In the middle of what might seem like a complete mix-up in the plans you have for your life, don’t forget about the One who has already written out your days.

Cling to the truth even when it doesn’t make sense and have faith that He will guide you and use you in His timing and according to His plan for your life.

3. Love all equally

Do not have more compassion for the eyes of starving children in India than you have for the depressed teens in America living on the brim of suicide. Every unbeliever needs salvation through Jesus in equal measure.

Love unconditionally.

Do not have more compassion for the eyes of starving children in India than you have for the depressed teens in America living on the brim of suicide. Share on X

The most biblical take on love is what I call stubborn love. Stubborn love is when you look at someone who didn’t do anything to earn your sympathy and whisper “I’ll fight for you all the same.”

Which is exactly what Jesus does for us.

Take Advantage of Every Moment

God has you where you are for a reason. He wants to use you right where you are, but first you must be willing to trust Him with your life. Who knows what He will do in and through you? You may even end up serving Him overseas. But for now, I challenge you to ask yourself: what does God want from me today?

Because following Jesus is waking up every morning and whispering, “Okay, Lord…today is Yours.”

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About the author

Rue Arrow

Rue Arrow is a soul-pondering, rain-dancing, dawn-seeking, child of the Father with deep feeling and intrigue for both the blessings and brokenness in this beautifully messy life. Her desire is to forever embrace every season, fully valuing this mere breath, while carefully sharing her heart-thoughts, enlightening imaginations, and hopeless romantics for all things lovely with the world. You can further journey with her in this endless pursuit of God's heart through her blog ThisMessyThingCalledLife.


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  • I love what you’re saying here about sharing the gospel wherever God has put us, because the good news is for all people everywhere. We need people not just “over there,” so to speak, but here too! Only, my question is how do we know if we are those called to stay or those called to go? I really identify with that tendency to, “…put missionaries on a pedestal,” especially when you hear remarkable stories of God’s work in their lives. What advice would you give on determining a desire to go isn’t just coming from the glow of this built up excitement? While we are sharing the good news in our communities now, and in our minds at least believe we have counted the cost of following Christ, how can someone know for sure they are able to handle the kind of sacrifice overseas long term missions could bring?

    • Hi Audrey! Goodness, what a lovely question; thank you for asking it!
      Prayer is extremely important. I cannot emphasize it enough. Who better to advise you than the One Who has known the plans for your life since before you took your first breath? Spend time with Him, seek Him in the confusing moments. The stronger your relationship with Yahweh is, the easier it will be to discern His voice from the world’s. Another thing to do is research and study areas or people you feel intrigued to serve, communicate with missionaries when you have the opportunity to do so (ask questions! We love talking with those curious in ministry overseas or in general!), talk with your pastor and others you respect, explore missions agency, and consider a missions trip or internship. Many missionaries start out short-term rather than career. This simply means that they agree to serve overseas for a specific amount of time (about two months to a year) to get an idea of what overseas mission is like without jumping in head first. This is something I’d highly encourage you to consider, but do pray over it and discuss it with your parents, pastor, a mentor, or a strong Christian that you respect! Their advice and prayers are invaluable.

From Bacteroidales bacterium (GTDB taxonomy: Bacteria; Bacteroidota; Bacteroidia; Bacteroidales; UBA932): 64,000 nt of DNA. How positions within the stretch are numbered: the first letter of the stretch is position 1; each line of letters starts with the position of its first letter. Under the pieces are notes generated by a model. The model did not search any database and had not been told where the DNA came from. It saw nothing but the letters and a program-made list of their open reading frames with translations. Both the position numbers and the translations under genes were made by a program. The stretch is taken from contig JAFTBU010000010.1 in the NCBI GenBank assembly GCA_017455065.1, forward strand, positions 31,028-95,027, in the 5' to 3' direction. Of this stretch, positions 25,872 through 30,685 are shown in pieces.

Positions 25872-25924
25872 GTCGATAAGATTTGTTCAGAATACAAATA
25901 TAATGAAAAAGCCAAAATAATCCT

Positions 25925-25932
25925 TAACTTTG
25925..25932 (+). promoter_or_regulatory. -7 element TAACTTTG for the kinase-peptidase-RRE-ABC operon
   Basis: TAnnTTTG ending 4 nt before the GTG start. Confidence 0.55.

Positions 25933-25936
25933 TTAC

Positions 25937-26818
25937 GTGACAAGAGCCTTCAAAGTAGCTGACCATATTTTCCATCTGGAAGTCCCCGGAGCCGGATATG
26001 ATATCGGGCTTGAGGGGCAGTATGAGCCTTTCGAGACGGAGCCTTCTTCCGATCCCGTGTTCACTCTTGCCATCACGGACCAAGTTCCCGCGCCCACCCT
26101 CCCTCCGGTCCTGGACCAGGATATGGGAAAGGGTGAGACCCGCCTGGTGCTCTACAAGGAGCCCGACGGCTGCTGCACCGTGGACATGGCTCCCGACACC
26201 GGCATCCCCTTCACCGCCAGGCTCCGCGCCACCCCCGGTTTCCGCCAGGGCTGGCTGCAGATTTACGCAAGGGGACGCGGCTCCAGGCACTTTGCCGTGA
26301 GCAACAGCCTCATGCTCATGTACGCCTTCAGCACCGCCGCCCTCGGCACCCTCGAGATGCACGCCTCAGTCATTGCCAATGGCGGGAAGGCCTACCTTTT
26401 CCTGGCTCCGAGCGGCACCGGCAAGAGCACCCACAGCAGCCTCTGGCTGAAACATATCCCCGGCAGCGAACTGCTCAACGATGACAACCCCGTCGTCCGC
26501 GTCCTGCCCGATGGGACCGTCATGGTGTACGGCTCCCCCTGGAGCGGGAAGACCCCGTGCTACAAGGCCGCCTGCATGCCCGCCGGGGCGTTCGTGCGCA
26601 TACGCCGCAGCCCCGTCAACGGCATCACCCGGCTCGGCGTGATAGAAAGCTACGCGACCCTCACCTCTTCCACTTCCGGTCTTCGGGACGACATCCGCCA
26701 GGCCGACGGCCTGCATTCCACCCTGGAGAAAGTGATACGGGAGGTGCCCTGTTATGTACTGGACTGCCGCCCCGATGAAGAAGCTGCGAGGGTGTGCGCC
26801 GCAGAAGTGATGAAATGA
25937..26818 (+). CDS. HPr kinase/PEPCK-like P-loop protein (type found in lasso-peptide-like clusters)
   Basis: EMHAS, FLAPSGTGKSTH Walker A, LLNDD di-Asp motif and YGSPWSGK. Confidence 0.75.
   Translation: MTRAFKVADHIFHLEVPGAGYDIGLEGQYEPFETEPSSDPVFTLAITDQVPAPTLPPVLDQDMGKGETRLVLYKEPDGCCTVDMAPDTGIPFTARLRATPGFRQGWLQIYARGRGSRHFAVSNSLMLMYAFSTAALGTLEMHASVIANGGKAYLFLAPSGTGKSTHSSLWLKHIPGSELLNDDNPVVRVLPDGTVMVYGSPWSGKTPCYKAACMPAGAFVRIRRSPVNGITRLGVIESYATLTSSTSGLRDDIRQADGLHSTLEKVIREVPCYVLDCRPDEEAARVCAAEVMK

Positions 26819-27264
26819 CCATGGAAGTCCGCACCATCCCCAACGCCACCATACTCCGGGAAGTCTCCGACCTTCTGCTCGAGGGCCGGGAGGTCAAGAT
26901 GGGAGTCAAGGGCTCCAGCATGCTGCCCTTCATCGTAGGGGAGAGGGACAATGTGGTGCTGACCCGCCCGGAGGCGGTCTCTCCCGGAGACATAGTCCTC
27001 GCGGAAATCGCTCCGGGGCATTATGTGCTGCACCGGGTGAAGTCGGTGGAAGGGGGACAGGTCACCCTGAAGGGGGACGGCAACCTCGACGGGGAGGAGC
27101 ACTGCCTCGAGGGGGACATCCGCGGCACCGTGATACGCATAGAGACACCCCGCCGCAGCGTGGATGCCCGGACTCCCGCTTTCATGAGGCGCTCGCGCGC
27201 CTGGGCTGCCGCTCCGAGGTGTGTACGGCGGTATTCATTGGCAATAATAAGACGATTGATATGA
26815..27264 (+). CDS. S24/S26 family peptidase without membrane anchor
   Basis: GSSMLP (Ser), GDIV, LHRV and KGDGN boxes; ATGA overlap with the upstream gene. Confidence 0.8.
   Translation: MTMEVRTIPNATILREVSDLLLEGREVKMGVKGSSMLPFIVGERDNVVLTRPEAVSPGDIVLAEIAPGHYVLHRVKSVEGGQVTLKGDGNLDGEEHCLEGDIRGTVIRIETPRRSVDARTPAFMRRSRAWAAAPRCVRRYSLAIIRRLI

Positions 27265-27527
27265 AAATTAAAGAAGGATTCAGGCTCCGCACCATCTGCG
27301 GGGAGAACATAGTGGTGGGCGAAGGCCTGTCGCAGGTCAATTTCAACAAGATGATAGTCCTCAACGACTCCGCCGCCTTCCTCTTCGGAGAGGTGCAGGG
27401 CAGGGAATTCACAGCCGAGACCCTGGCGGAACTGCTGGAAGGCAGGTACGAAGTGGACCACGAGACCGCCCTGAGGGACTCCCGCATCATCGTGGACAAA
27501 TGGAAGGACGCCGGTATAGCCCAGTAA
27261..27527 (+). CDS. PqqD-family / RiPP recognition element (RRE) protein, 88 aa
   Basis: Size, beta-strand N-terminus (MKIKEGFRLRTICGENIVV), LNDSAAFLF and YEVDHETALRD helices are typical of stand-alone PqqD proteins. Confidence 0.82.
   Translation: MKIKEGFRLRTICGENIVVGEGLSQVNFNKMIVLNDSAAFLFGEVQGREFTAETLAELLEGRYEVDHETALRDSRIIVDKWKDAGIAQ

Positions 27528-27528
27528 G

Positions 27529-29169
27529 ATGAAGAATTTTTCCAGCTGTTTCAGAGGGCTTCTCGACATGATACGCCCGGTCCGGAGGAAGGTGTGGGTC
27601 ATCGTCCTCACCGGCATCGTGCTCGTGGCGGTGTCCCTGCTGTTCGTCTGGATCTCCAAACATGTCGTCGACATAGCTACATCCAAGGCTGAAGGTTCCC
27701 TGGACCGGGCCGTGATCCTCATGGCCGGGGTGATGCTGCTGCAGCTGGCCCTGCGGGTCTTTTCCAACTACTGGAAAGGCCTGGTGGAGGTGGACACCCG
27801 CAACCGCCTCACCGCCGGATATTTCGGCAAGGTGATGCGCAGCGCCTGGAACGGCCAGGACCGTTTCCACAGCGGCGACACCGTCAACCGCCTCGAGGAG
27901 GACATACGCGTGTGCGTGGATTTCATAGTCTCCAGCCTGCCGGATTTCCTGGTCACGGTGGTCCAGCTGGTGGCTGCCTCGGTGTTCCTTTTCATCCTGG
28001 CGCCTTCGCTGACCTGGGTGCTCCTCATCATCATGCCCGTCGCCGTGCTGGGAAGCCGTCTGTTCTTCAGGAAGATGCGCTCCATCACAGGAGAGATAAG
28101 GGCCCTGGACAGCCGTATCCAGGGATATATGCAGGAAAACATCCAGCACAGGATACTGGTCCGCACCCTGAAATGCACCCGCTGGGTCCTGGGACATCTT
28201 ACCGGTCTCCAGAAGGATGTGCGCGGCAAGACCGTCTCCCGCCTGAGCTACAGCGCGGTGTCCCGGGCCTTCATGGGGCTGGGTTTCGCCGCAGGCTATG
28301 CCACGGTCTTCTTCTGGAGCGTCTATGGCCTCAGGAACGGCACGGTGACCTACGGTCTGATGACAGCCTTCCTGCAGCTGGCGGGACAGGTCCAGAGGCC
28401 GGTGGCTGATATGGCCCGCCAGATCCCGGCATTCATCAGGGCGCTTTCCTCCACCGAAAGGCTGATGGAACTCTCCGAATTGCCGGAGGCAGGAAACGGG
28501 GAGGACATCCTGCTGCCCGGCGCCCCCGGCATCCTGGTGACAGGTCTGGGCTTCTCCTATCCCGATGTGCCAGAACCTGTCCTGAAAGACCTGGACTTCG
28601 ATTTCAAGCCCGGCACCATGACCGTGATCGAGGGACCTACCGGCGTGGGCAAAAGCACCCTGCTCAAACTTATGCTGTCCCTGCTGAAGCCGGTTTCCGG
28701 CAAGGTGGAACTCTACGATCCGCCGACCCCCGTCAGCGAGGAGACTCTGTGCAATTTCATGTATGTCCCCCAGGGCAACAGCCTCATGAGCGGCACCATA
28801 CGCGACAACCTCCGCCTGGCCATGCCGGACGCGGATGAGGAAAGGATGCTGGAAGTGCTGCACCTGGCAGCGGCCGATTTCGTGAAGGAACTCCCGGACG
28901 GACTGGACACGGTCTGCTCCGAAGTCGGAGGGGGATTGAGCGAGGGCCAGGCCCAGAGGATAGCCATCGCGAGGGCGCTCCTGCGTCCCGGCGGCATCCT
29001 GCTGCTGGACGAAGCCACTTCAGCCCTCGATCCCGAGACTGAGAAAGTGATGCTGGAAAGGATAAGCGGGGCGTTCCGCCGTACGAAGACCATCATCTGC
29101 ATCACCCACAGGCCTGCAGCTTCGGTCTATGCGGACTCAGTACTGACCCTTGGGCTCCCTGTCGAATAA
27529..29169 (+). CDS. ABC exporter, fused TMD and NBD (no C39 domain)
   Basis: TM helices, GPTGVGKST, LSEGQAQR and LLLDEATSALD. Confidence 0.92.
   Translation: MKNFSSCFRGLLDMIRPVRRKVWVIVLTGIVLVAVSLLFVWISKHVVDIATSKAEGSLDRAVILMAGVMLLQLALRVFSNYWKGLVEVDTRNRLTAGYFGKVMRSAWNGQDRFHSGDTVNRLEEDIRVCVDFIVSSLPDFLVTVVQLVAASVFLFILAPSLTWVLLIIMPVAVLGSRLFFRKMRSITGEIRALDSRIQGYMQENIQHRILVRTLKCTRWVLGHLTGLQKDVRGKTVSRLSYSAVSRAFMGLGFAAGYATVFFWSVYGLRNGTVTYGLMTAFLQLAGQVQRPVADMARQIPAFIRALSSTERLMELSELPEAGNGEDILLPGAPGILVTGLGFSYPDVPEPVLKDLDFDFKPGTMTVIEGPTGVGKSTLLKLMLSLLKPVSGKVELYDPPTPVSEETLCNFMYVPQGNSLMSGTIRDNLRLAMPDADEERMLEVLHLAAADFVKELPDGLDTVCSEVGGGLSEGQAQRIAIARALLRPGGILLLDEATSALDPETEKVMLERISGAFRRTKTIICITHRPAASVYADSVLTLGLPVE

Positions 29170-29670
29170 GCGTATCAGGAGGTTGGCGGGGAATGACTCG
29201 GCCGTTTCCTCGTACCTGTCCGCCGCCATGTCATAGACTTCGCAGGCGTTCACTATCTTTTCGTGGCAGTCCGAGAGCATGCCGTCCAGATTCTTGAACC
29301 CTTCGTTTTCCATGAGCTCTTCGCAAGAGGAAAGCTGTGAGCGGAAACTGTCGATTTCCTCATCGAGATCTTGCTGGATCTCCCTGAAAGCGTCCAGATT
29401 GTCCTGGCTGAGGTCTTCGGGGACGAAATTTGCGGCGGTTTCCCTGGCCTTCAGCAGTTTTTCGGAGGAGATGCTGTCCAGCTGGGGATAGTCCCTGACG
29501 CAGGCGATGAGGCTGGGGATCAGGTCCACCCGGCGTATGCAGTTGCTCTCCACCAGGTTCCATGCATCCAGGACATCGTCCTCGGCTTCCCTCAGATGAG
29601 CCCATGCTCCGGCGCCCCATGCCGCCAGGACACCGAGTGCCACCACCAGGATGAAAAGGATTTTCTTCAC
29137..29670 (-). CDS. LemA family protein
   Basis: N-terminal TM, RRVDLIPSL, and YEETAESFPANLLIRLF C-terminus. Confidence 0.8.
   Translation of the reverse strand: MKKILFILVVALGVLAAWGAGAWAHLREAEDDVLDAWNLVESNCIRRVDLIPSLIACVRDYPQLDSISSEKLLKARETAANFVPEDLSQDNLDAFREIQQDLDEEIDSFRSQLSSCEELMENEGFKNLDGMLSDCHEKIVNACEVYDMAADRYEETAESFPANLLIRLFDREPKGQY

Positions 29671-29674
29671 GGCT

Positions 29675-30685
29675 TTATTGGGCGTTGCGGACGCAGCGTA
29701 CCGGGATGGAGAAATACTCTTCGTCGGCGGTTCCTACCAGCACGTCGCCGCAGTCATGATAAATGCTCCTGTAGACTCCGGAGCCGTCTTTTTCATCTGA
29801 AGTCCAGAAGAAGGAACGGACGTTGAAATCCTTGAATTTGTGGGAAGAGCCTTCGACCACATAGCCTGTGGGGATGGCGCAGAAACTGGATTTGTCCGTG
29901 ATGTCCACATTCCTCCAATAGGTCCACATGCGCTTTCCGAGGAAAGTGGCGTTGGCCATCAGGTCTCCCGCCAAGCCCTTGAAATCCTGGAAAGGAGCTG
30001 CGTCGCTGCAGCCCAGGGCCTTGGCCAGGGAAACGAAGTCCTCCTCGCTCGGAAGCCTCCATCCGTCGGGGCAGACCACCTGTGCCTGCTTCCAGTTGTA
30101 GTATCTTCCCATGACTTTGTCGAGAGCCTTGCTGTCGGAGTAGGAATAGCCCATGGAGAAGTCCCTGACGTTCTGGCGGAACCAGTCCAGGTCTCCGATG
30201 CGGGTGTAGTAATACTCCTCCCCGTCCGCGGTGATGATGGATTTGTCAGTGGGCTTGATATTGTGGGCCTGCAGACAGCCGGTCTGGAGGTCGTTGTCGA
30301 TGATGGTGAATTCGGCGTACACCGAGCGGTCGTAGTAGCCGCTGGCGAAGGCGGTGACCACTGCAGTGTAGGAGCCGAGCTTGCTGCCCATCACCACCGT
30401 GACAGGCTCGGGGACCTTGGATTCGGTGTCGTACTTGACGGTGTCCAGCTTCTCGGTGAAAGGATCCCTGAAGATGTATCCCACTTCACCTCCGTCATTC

Also, consider the gifts you have and what you feel God is calling you to use them for. Are they more valuable/useful stateside or elsewhere? This should not be a determining factor, but it is worth considering and praying over.

      Your latter question is also wonderful, but I want to point something out. You asked, “how can someone know for sure they are able to handle the kind of sacrifice overseas long term missions could bring?” Honestly, the answer is quite simple, my friend. You can’t. But He can. We are weak and broken people; and missions is hard. There are days where it feels like throwing in the towel, crying till you have no more tears to cry, and then just quitting. I don’t, in any way, want to scare you away from missions, I just want to remind you of the less glamorous side of it. It is by Christ’s strength alone that we press on. So focus on your relationship with Him! No matter what (or where) He calls you to, He will walk with you and strengthen you. Our God does indeed call us to “do hard things,” but He does not abandon nor forsake us along the way. Be careful not to keep yourself from pursuing His calling on your life simply because you feel inadequate…we all are. But His power is made perfect in weakness.
      I hope this helps clarify some things. If you have any follow-up questions, please do ask them!

By Rue Arrow
rebelling against low expectations

The Rebelution is a teenage rebellion against low expectations—a worldwide campaign to reject apathy, embrace responsibility, and do hard things. Learn More →